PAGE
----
Nobelist Bloch or Lorenz / SAT 7-14-12 / Pet kept by Wilson, Harding and Coolidge / War with little or no active warfare / "An Essay Concerning Human Understanding" writer
Saturday, July 14, 2012
Constructor: Brad Wilber & Doug Peterson
Relative difficulty: Easy (because I finished it)
Excuse me if I'm a little choked up, but this is kind of a big day for me. It's actually the four-year anniversary of the very first time I ever blogged here at Rex Parker Does the NY Times Crossword Puzzle. He was in New Zealand back then too and he left Wade, SethG and me with the keys. During the following weeks, we talked a lot about puzzles (obviously), you learned a lot about the three of us and, although you probably don't remember it, I wrote what I still consider one of my best blog posts. This time around I'm only slated for today and you'll see Wade sometime next week but Seth is off in, I don't know, Japan? or somewhere, getting engaged and all sorts of shenanigans. So that was a fun trip down memory lane. But what's going on today?
As some of you probably know, I get nervous subbing for Rex on late-week puzzles because there is really no guarantee that I will Finish the late-week puzzles. I can finish them much more frequently than I could when I first became addi...obses...um, interested in crossword puzzles, but it's definitely not a given. I did — luckily — manage to knock this bad boy out in short order, so let's get to it.
GORP (Backpacker's bagful). Checking the cross, though, I saw the clue 6D: Red River city and I thought, "Oh crap. I must be wrong. Because every time I see 'Red River city' I want it to be FARGO (my hometown) and it never is, it's always HANOI. Waaait a minute ...." Unfortunately, that didn't give me Anything else up there, so I enjoyed my shout-out for one more second and then moved on. I actually finished the bottom half first, with a little hopping around but it mostly felt smooth. Lots of tricky cluing. My favorites:
- 62A: Expedite some union business? (ELOPE) — On Saturdays you really have to look at each word separately and think about what it might mean. I caught on to "union" meaning "marriage" instead of "labor union" pretty quickly.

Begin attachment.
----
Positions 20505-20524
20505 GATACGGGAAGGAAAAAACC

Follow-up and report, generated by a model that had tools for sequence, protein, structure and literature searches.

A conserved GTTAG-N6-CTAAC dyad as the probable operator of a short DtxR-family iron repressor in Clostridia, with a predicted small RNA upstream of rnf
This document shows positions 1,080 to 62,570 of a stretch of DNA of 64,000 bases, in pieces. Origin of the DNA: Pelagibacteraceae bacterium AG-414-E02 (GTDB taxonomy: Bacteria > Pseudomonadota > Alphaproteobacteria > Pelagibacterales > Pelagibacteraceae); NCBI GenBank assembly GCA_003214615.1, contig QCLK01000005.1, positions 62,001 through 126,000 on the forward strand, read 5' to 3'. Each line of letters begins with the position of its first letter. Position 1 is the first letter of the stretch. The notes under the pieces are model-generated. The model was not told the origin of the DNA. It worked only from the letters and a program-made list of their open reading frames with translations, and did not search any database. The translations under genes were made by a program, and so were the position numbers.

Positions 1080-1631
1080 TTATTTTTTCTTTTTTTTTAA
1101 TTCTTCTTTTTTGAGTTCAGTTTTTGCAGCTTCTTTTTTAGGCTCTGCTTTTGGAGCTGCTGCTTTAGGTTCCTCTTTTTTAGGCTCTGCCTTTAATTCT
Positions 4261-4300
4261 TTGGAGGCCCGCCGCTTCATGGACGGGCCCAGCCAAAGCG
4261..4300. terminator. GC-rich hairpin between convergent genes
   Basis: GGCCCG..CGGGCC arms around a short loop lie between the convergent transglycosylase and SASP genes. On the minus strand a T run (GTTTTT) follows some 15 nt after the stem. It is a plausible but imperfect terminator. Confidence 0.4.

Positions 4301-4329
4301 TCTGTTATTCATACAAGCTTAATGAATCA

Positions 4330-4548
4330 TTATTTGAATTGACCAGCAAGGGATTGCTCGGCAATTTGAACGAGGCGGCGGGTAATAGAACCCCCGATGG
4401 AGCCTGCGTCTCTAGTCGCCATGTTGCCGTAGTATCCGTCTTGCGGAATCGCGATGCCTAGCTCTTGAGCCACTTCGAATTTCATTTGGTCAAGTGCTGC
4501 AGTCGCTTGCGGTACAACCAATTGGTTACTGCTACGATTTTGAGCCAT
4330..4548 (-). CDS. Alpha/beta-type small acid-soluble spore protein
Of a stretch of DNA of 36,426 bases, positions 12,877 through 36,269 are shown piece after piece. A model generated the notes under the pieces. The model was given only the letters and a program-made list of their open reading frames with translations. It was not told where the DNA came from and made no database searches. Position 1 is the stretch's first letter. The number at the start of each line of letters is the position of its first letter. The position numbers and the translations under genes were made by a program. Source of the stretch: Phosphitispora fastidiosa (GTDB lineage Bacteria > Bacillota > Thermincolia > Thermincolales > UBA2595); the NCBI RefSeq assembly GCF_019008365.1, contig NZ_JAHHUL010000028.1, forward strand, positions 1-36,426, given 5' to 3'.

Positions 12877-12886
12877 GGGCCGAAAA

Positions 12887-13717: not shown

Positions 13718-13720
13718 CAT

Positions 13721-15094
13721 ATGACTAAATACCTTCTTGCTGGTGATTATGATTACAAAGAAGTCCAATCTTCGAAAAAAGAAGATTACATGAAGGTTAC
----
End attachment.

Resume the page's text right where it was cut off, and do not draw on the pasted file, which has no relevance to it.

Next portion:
- 2D: Massive chargers (RHINOS) — Not quite so lucky here. I knew this wasn't about batteries, and when RAMS didn't work (because that's not enough letters and becuase it would be weird to describe them as massive) I thought I must be wrong about the clue referring to an animal. Took me a while to get back there.
- 3D: Goldilocks and others (ASTERS) — Wanted BLONDS, but already had the A in place.
- 11D: Stops lying (RISES) — I really like this clue.
- 35D: One may supply boaters (HATMAKER) — Again, "boaters" here is a type of hat and not a person who boats. The more puzzles you do, the easier it is to make this kind of shift in your thinking.
- 15A: Forty-niners' song (OH SUSANNA) — Thanks for the earworm, guys!
- 21A: Pirate's shoulder, stereotypically (PERCH) — PuzzleDaughter recently acquired two parakeets who have just started sitting on her shoulder. She's already thinking "pirate costume" for Halloween.
- 30A: Carrier whose theme is "Rhapsody in Blue": Abbr. (UAL) — I have flown on United a couple times recently, so this was a gimme.
- 42A: "How I Met Your Mother" guy (TED) — Woo-hoo! Another three-letter gimme for me! So very very helpful on a Saturday.
- 60A: "The Very Hungry Caterpillar" author (ERIC CARLE) — I knew his first name was ERIC, and I knew his last name was a name that didn't really need an E at the end but had one anyway. Yes, this is really how my brain works.
- 13D: Revival meeting? (CPR CLASS) — Love this clue. At first, I thought this might be about a SEANCE, but they don't actually REVIVE people at seances, right? Do people still have seances?
- 24D: Bit of old European money (DUCAT) — I'm going "Franc, mark, lire, peso ...," thinking the "old" in the clue meant "pre-Euro" but, in fact, it meant, well, "old."
- 29D: Rice served after him (POWELL) — Raise your hand if your first thought upon reading this clue was "What does that even MEAN?!"
- 38D: Obsolescent music option (TAPE DECK) — Ah, the good old days. Remember when mix tapes were actually difficult and time-consuming to create? Because the songs all had to be in the right order and the right length. You didn't want a big gap at the end of Side A, but you didn't want to throw any old song on the end just because it fit. Yep. Back then mix tapes really meant something.
[Once again, a quick reminder about the 5th annual Lollapuzzoola crossword puzzle tournament, which is right around the corner on August 4 (that's a Saturday in August). This is a really fun one-day tournament brought to you by Brian Cimmet and Patrick Blindauer. If you can't make it to New York for the tournament, please consider the "compete at home" division. Either way, you will be treated to puzzles by some of the best constructors in the business and I'm totally not exaggerating. All the details are at the Lollapuzzoola 5 website, so check it out!]